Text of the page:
Automatic Control for Mechanical Engineers By M. Galal Rabie_opt

Pages 176
Views 359
Size 7.6 MiB
Downloads 26
Automatic Control for Mechanical Engineers By M. Galal Rabie_opt

Tags:

PREFACE

Automatic control plays an important role in the advance of engineering and science.
It is of extreme importance in most of the engineering fields; such as the aerospace
engineering, chemical engineering, robotic systems, automotive and mobile
equipment engineering as well as manufacturing and industrial processes. Automatic
control provides the means of understanding the problems of stability and precision
of dynamic systems. Actually most engineers must have good understanding of this
field.
The majority of textbooks on automatic control are most appropriated for electrical
engineers. The main problem in designing and analyzing a control loop for nonelectrical
systems normally arises when deducing adequate mathematical model for
the system. Generally, the components cannot readily be represented by simple
discrete ideal elements. The classical approach based on the transfer function and
associated techniques of analysis is more easily comprehended and related to
practice by the beginners than is the modern control theory. Therefore this text is
prepared for the mechanical engineering students. It deals with the basics of linear
control theory. The text includes simple examples enabling applicants to understand
the problems of dynamic systems accuracy and stability. The text includes examples
and exercises that facilitate the comprehension of the control theory, especially for
the mechanical engineering students. The text is arranged in ten chapters dealing
with the following topics:
1. An introduction giving the basic definitions and methods of system
representation, Chapter 1.
2. A revision of selected topics from mathematics, Chapter 2.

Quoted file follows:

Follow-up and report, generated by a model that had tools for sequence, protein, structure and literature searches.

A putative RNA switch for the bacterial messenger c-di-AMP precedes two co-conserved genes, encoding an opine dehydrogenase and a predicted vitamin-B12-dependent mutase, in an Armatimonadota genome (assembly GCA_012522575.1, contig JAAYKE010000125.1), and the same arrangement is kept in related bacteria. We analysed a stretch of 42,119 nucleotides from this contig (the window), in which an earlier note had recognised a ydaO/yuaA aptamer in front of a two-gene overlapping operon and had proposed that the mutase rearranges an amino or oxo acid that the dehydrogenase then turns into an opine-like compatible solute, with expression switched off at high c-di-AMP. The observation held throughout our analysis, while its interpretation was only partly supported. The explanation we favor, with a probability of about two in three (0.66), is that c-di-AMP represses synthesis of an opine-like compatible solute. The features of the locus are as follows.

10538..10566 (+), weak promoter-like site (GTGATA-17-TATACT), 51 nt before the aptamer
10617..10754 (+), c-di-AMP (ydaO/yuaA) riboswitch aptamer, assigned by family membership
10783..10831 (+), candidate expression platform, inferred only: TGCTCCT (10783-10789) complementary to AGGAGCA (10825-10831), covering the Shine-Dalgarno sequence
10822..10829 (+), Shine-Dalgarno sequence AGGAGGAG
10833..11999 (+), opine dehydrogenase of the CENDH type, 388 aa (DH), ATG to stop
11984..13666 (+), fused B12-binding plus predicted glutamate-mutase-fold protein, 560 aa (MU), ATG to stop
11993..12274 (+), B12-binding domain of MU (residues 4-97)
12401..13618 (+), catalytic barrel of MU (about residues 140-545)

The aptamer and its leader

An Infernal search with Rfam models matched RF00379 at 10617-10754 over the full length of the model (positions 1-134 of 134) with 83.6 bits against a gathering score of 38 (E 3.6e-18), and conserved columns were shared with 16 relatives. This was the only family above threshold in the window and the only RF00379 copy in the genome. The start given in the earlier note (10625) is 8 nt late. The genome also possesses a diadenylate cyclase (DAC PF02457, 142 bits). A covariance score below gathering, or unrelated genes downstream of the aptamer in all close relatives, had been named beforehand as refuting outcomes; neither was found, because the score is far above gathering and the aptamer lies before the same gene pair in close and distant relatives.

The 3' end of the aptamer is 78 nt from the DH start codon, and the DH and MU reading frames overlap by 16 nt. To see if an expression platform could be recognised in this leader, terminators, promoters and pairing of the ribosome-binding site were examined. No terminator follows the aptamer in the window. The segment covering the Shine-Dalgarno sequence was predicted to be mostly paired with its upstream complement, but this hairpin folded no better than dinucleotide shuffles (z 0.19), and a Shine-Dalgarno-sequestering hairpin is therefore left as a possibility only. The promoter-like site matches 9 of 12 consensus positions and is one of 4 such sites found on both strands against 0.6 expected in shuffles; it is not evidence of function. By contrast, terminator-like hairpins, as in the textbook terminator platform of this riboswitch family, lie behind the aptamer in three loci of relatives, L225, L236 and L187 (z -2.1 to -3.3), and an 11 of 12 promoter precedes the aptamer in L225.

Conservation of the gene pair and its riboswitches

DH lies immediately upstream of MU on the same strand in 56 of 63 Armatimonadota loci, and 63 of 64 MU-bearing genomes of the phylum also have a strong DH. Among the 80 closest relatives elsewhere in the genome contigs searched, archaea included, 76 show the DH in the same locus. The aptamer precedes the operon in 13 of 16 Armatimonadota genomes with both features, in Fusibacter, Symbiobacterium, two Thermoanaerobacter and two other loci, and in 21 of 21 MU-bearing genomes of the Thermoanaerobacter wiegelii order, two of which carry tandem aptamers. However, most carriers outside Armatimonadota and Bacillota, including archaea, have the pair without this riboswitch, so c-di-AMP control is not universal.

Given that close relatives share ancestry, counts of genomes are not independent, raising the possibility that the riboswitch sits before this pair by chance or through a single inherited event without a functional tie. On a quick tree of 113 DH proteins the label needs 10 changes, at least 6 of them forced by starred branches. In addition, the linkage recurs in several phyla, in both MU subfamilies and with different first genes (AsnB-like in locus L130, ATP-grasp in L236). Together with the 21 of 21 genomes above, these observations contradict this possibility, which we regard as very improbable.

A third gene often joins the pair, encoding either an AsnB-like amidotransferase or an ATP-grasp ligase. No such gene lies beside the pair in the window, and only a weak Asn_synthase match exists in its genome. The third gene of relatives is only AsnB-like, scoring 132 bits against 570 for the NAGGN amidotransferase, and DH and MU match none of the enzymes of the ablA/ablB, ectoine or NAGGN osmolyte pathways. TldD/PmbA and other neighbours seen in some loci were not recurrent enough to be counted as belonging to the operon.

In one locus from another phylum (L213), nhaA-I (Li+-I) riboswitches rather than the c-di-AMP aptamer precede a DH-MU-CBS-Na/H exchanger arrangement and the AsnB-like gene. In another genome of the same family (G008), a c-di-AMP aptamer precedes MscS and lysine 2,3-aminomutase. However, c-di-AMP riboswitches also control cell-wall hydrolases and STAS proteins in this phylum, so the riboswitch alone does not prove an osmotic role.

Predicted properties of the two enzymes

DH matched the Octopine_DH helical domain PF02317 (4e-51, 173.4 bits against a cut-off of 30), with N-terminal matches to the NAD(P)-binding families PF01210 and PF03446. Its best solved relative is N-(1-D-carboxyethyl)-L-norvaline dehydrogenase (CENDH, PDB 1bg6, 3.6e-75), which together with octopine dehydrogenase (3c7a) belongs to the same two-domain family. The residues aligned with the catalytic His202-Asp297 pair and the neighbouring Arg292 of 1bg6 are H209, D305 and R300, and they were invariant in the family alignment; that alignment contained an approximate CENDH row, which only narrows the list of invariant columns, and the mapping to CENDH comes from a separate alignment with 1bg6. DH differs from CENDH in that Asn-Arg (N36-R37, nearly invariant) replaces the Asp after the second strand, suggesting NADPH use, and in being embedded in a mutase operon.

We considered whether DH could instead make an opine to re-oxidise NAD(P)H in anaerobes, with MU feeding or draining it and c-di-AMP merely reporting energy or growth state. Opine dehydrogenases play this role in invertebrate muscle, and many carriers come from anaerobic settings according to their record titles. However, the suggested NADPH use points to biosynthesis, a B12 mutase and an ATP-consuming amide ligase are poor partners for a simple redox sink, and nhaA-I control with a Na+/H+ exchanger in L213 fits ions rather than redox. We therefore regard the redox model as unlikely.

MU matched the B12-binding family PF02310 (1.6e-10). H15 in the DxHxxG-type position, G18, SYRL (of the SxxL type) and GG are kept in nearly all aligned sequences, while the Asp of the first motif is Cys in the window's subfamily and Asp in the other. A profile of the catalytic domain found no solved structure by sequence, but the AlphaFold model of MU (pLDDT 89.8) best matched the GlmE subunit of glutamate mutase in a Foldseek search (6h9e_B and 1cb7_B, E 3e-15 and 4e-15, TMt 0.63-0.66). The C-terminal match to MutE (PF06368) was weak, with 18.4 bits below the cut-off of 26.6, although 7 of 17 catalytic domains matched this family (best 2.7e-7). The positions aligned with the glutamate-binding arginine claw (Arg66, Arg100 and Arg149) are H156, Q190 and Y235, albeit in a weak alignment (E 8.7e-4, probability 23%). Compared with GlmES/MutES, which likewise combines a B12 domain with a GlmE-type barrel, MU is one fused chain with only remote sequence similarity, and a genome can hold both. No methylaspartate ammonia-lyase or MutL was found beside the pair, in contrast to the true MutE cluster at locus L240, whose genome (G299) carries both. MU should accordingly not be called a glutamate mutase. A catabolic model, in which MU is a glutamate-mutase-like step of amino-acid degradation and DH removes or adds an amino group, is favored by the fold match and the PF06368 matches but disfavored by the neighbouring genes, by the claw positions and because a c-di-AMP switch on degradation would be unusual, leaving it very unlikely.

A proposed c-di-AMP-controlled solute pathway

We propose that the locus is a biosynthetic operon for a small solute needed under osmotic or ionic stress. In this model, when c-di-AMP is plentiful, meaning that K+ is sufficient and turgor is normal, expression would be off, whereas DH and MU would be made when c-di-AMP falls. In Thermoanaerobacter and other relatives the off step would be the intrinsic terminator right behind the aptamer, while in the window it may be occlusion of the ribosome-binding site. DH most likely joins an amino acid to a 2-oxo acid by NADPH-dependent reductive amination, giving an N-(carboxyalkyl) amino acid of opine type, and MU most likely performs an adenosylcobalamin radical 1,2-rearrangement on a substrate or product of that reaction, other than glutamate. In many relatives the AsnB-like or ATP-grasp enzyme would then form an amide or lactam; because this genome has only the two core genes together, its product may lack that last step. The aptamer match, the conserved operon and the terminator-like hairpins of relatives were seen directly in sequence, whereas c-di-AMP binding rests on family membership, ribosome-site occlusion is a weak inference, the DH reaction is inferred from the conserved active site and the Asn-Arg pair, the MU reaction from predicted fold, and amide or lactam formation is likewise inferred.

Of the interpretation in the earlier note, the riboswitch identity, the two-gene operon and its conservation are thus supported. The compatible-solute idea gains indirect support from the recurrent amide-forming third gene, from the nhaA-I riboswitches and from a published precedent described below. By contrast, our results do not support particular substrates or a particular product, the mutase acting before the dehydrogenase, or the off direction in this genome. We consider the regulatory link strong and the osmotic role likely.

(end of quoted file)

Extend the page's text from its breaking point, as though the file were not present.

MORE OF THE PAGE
3. Deduction of the transfer functions using mathematical models, block
diagrams and signal flow graphs, Chapters 3, 4 & 5.
4. Analysis of the transient and frequency responses of the system and how
does the response vary with the form of transfer function and the input
excitation. The text discusses also how a transfer function can be determined
by practical testing of a system, Chapters 6 & 7.
5. Analysis of the accuracy and stability of the feedback system, Chapter 8.
6. Root locus analysis, Chapter 9.
7. Improvement of the system stability by introducing and designing different
types of compensators, mainly the P, PI & PID controllers, Chapter 10.
I am indebted to my colleague Prof. Dr. Gamal Ahmed El-Sheikh, for his objective
comments on the whole text.

CONTENTS

CHAPTER 1: INTRODUCTION TO AUTOMATIC CONTROL 1
1.1 INTRODUCTION 1
1.2 SYSTEM DEFINITION 1
1.3 SYSTEM CONTROL 3
1.3.1 Open Loop Control 3
1.3.2 Closed Loop (Feedback) Control 5
1.4 SYSTEM REPRESENTATION 8
1.4.1 Schematic Diagrams 8
1.4.2 Mathematical Model 8
1.4.3 Transfer Function 9
1.4.4 Block Diagram 10
1.4.5 Signal Flow Graph 10
1.4.6 State Space Representation 10
1.4.7 Bond Graph 11
1.5 SYSTEM ANALYSIS 12
1.6 EXERCISE 12
CHAPTER 2: MATHEMATICAL TOPICS 13
2.1 INTRODUCTION 13
2.2 DIFFERENTIAL EQUATIONS 13
2.3 LAPLACE TRANSFORM 17
2.3.1 Direct Laplace Transform 17
2.3.2 Inverse Laplace Transform 18
2.3.3 Properties of Laplace Transform 18
2.3.4 Partial Fraction Expansion 20
2.3.5 Solving Differential Equations Using Laplace Transform 22
2.4 COMPLEX VARIABLES 24
2.5 LAPLACE TRANSFORM TABLES 25
2.6 EXERCISE 25